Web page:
A little bit lost and overly imaginative at times, but aren’t we all?
Tyler West’s one-man show The Wait is a physical comedy about the turbulent journey of a man waiting for a job interview. Whilst its comedy is somewhat cheesy at times and it doesn’t offer anything particularly unique or impressive, watching it is still a very fun way to spend an hour – especially if you like West, as he writes, produces, directs, sound/lighting/costume designs, and stars in this show.
The premise of The Wait, playing at the Old 505, is simple – an anxious, Mr. Bean-esque man finds himself in various awkward moments and daydreams whilst waiting for a job interview to begin.
Some scenes play out within the office space itself, with the man getting into bathroom mishaps or becoming trapped in a vending machine. Most of the comedy in these scenes could be best described as pretty lowbrow – fart jokes and the like – but therefore accessible.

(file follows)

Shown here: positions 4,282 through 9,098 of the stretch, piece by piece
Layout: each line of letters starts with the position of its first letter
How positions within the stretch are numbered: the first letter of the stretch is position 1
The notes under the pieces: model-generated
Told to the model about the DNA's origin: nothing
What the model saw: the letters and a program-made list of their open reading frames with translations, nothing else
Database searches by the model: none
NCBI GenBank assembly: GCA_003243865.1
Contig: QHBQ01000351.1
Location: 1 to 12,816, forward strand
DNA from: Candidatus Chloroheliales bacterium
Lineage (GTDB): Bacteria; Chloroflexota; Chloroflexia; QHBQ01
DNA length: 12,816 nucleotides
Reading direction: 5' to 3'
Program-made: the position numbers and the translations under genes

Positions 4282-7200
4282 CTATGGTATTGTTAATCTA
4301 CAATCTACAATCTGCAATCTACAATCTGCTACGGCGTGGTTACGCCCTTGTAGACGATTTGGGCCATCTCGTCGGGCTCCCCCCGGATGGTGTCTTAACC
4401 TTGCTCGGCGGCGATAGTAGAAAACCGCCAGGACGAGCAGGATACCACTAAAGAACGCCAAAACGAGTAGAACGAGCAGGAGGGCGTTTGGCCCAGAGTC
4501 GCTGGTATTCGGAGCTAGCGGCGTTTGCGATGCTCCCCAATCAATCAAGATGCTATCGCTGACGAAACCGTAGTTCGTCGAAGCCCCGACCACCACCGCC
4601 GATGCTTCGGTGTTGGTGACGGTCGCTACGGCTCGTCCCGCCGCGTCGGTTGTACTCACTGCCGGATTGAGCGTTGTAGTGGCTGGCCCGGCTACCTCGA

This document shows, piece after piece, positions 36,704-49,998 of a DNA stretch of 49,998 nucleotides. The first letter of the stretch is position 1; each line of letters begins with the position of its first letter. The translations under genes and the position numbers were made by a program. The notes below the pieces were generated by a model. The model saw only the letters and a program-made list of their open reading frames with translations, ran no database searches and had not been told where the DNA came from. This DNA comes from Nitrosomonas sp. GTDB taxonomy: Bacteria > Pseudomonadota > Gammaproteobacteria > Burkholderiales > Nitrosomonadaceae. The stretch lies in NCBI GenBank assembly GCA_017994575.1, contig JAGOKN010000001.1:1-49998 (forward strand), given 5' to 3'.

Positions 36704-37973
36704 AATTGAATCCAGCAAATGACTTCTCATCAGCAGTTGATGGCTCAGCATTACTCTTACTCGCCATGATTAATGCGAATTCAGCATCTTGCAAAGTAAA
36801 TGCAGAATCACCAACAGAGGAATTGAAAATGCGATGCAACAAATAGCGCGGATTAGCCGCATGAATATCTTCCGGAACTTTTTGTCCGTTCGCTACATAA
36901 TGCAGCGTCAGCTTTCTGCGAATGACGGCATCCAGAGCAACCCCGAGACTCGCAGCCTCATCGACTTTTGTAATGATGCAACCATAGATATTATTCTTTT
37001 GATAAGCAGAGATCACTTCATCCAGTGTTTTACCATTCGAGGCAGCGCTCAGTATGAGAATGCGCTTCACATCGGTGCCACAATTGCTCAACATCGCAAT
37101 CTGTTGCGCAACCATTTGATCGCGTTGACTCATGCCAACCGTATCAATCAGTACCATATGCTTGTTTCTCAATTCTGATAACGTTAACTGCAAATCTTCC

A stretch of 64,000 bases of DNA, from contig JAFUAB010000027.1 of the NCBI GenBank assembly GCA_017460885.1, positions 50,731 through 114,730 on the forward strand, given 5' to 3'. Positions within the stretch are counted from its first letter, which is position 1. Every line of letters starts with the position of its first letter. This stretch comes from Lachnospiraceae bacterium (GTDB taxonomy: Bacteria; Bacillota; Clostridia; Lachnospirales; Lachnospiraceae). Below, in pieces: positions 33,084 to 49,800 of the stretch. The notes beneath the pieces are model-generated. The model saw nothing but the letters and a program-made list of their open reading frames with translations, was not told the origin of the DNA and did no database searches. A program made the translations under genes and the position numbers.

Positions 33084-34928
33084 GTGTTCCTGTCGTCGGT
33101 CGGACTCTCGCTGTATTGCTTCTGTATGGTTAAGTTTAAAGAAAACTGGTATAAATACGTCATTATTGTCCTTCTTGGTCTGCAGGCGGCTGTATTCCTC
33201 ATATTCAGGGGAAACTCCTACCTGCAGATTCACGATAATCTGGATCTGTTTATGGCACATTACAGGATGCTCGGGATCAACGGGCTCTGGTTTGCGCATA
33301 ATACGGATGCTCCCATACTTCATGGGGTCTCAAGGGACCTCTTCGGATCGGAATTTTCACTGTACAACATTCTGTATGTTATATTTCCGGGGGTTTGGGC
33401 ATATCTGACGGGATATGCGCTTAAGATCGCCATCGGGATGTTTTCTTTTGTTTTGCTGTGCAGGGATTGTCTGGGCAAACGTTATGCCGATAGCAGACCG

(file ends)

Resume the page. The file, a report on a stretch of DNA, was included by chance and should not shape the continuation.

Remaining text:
In the process of waiting, the man also has daydreams of being in a stereotypical knight-in-shining-armour fight against a giant in a medieval setting, as well as hunting pirate treasure. Unfortunately, a lot of these departures into the ‘daydream’ feel like excuses to make a joke, rather than fitting coherently into the narrative of the waiting interviewee; this can create some confusion.
Although the stage was pretty barebones (the only prop being a black chair), West does an excellent job in using sound effects and physical gesturing to move the audience into a scene – be it an office space, a medieval world, or the edge of a building. That being said, in some scenes it was hard to figure out exactly what Tyler was interacting with or what he was doing at first instance.
Further, some of the show’s funniest moments were in West’s interactions with the audience. Using them as what effectively was a supporting actor/actress role – such as assistants on his treasure hunt – this would often lead to awkwardly brilliant moments between the two due to its improvised nature, where one would act incorrectly or cause the plot to deviate in hilarious ways.
Ultimately, The Wait has obviously been made for those who just want to sit back and laugh for an hour. Bar some confusing scenes and low-brow humour, the show’s comedy is pretty accessible and should be enjoyable for most (if not all) audiences, so it’s hard to imagine anyone walking out disappointed.